- Helps roots to start effectively and grow well
- Does not decompose and lasts for years
Key Uses of Perlite
You can use perlite as a partial or complete replacement for sand and grit in your compost. You will notice a distinct improvement in insulation, drainage and aeration. Rewetting will also be boosted.
You can also open up the composts you have in place.
- Soil-less Composts: Shoot for for an 80/20 mix of sphagnum moss peat and perlite
- Loam-based compost: Equal parts perlite, sterilized loam and peat. Chuck in some nutrients and limestone for good measure
Make certain to mix it up nicely then water well.
If you have clay or heavy silt soil in your garden, harnessing perlite will give you a superior texture. You will get better drainage and improved aeration.
With any problematic seed or flower beds, add around 25% perlite before sowing takes place.
For roses, shrubs and trees, mix up some perlite with your soil when you are filling your planting hole. This will help to encourage root growth. Firm it up around the roots then give it a thorough watering.
Dressing Your Turf
For any poorly drained or compacted areas of turf, perlite is a smart way to get more drainage and more air circulating.
You should notice a better balance of air and moisture. The turf will grow more efficiently. Roots will develop better.
In general, your turf will become more resilient as well as more tolerant of extremes of weather if perlite is introduced.
Spike the area you want to work with. Mix up some perlite with a fertilizer. Spread an extremely thin layer all over. Rake, brush, water.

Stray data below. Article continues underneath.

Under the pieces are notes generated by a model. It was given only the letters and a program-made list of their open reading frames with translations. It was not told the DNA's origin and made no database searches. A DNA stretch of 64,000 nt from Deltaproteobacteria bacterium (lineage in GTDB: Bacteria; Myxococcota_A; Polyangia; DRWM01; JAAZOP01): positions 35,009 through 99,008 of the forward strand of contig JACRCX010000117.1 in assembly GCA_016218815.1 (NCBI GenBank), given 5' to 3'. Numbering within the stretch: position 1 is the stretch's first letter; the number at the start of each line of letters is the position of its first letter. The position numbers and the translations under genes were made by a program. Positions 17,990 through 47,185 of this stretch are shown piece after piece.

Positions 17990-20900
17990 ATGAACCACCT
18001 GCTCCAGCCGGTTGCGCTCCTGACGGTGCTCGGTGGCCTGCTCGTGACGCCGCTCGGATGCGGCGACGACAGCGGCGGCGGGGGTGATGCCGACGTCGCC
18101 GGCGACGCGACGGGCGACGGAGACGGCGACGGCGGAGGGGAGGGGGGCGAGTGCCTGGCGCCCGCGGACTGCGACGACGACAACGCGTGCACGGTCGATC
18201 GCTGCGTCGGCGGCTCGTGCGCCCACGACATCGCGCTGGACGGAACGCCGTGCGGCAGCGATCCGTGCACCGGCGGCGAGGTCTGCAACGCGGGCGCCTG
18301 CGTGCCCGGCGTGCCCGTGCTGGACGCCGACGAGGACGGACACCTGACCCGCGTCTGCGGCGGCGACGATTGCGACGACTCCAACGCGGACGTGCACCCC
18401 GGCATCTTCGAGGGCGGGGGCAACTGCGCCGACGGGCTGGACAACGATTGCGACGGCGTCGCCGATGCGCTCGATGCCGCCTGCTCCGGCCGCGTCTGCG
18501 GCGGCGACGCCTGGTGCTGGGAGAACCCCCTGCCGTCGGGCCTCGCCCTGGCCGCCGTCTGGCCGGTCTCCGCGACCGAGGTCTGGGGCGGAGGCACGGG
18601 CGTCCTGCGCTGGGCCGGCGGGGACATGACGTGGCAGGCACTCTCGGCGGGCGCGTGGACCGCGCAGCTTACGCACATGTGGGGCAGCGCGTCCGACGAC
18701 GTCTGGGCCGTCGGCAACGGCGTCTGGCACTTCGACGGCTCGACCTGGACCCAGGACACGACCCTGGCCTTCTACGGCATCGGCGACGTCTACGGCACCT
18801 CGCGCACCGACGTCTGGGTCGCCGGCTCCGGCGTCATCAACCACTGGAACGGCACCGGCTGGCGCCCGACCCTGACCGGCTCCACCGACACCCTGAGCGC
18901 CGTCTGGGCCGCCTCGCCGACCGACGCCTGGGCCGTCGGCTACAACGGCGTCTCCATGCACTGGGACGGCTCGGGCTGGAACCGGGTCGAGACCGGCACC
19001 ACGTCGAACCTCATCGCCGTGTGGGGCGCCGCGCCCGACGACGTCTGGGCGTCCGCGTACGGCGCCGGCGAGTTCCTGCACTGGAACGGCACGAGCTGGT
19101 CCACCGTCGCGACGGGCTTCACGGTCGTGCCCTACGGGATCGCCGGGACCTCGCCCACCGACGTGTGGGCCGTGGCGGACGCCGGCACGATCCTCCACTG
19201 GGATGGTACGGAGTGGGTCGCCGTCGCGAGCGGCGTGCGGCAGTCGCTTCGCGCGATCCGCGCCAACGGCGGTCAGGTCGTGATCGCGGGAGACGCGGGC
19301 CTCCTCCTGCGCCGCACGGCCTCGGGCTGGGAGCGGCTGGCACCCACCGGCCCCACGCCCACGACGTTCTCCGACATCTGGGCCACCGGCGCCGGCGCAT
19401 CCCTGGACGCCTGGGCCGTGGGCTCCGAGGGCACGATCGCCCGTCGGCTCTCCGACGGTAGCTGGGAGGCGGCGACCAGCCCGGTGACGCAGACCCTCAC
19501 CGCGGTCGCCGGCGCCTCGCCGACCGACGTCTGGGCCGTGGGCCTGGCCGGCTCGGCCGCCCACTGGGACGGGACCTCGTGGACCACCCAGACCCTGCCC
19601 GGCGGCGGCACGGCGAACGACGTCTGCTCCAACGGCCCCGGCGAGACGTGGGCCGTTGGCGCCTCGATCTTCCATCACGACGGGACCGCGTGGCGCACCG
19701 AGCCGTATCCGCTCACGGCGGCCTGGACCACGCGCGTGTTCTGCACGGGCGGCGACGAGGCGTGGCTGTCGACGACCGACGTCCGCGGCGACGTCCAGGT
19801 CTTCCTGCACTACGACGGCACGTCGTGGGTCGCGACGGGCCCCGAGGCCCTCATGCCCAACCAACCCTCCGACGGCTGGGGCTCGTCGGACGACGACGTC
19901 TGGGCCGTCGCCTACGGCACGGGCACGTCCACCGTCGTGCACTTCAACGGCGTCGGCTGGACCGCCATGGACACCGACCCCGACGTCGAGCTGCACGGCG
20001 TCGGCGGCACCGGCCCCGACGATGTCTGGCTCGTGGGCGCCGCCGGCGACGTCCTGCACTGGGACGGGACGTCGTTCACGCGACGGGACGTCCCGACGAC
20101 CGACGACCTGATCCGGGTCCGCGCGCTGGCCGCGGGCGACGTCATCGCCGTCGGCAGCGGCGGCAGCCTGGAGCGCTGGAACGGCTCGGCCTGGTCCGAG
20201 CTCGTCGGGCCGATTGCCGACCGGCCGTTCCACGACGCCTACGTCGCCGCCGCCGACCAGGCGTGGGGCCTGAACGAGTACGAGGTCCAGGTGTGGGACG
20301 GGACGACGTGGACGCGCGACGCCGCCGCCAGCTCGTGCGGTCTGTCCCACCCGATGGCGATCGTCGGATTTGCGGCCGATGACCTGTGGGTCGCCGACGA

A little goes a long way. A 100 liter bag should be good for an area of 50 meters square.
Differences Between Vermiculite and Perlite
While both vermiculite and perlite excel at helping with the way in which moisture is retained in soil then aerated, they are not always used in precisely the same way. They are actually different in terms of the way they are made up and the effects they deliver.
What, then, are the differences between these two materials?
Vermiculite is a silicate of aluminum-iron-magnesium silicate. The particles expand when it is heated. This promotes water retention. It can actually take in up to four times its own volume of water. Potassium, calcium and magnesium are also drawn in to the plants.
Perlite, on the other hand, is a silicon-rich volcanic rock. The tiny bubbles do hold in moisture just like with vermiculite. The difference is that perlite also draws in the air.
Both these materials are superb when it comes to water retention.
Vermiculite is like a sponge and will take in even more than perlite. It will not aerate the roots as well, though.
Perlite is porous so drains better. Soil aeration is its real strong suit.
How Do They Look?
Vermiculite is a brown and spongy material. It comes in the form of flakes.
Perlite is white and granular. It resembles small foam balls.
Uses In The Garden
The principal ways in which vermiculite and perlite are used are for:
- Moisture retention
- Soil compaction
- Propagating plants
- Cultivating seeds
- Indoor growing
- Lawn care
That’s quite a broad range of applications!
Its the different way in which they hold in water that makes them suited to various plants.
- Vermiculite: Superb for plants that demand lots of water
- Perlite: Far better for plants that don’t call for too much hydration like cacti, for example
We hope you have found this dissection of vermiculite and perlite useful.
Although some people believe the two to be interchangeable, the above comparison shows that this is not strictly true.
As with all aspects of gardening, pay close attention to the precise demands of your garden. There is no one-size solution.
If you have any questions regarding these two wonderful materials or any other aspect of gardening, don’t hesitate to contact us. We will get back to you as promptly as possible.